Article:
Leopold, who was born in what’s now the Czech Republic, was first an apprentice goldsmith and gem cutter before he joined the family business making costume jewelry. Two tragedies—his first wife’s death, followed by his father’s—prompted a yearlong getaway to the United States in 1853 (he would marry again later and have Rudolf). One evening aboard ship, he had an epiphany after witnessing a sparkling display of bioluminescence enlivening the water.
“This was the moment he first imagined creating a bioluminescent jellyfish spun from glass,” marine biologist Drew Harvell writes in her new book, A Sea of Glass: Searching for the Blaschkas’ Fragile Legacy in an Ocean at Risk, which explores the natural history of the Blaschka models’ living counterparts, and the environmental perils they face.
Before Leopold tried his hand at animal models, however, he experimented with botanicals “for his own amusement,” according to an article by David Whitehouse, former chief curator of The Corning Museum of Glass. In the early 1860s, Leopold created a set of orchids and other plants for an amateur botanist and prince named Camille de Rohan, who had caught wind of his skills.
The commission was fortuitous. As Harvell recounts in her book, the prince introduced Leopold to Heinrich Gottlieb Ludwig Reichenbach, director of both the Dresden Botanical Gardens and the Dresden Natural History Museum, who ordered a series of sea anemone models to accompany an exhibit of lithographs on the subject, created by the naturalist Phillip Henry Gosse.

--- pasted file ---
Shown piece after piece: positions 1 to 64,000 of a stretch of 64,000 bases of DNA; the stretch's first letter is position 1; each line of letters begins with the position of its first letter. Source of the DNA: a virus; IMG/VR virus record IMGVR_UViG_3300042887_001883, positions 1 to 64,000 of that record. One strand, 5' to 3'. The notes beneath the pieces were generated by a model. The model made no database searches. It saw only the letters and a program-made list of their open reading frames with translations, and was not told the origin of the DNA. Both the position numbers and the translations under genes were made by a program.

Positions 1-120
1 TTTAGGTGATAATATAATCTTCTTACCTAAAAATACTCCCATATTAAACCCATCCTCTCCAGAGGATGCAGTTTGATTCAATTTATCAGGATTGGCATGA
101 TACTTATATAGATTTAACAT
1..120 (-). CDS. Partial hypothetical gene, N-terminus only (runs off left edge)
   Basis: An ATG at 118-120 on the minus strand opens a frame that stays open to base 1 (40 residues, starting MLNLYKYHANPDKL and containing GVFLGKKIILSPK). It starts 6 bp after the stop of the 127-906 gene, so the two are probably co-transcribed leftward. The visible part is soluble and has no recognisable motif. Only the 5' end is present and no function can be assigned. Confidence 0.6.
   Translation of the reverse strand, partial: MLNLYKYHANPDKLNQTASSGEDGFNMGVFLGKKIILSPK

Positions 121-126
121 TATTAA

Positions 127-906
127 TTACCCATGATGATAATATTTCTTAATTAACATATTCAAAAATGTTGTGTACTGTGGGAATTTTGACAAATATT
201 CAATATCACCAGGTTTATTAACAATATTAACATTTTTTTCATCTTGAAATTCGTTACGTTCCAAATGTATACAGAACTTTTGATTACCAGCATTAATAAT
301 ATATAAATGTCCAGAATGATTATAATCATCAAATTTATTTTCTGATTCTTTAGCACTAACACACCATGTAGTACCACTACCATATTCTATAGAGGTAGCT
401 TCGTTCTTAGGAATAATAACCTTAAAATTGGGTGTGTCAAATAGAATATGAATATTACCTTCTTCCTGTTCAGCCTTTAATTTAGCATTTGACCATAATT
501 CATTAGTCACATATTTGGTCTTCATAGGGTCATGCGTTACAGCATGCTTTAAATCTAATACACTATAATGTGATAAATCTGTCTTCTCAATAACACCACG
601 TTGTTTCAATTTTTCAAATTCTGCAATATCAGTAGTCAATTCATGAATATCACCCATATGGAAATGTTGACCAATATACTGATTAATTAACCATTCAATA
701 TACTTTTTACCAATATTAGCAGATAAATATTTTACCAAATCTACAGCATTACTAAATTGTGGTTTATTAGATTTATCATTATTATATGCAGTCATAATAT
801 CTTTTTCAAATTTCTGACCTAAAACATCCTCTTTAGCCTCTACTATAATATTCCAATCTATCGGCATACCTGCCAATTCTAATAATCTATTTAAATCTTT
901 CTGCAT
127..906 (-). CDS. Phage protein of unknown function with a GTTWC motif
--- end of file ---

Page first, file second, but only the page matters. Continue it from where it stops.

Squid models followed, helping form the underpinnings of a “glass tree of life, from which would sprout a full spineless menagerie: jellyfish, sea slugs, octopuses, worms, brittle stars, sea cucumbers, and sea squirts,” writes Harvell, who’s also the curator of Cornell’s Blaschka collection.
The Blaschaks, who moved to Dresden in 1963, worked from various source materials, including illustrations like Gosse’s and the work of zoologist Ernst Haeckel, as well as preserved specimens.
Some time around 1877, when Rudolf became a full-time partner, they began ordering live specimens from various suppliers, maintaining them in saltwater aquariums in the studio they shared. “They were perfectionists,” Harvell said in an interview. “They got to the point where they really felt they had to see the live animals and work directly from [them].”
The Blashkas also made their own paintings and illustrations “to get the pose, colors, and anatomy of each piece right before starting their work in glass,” Harvell explains in her book.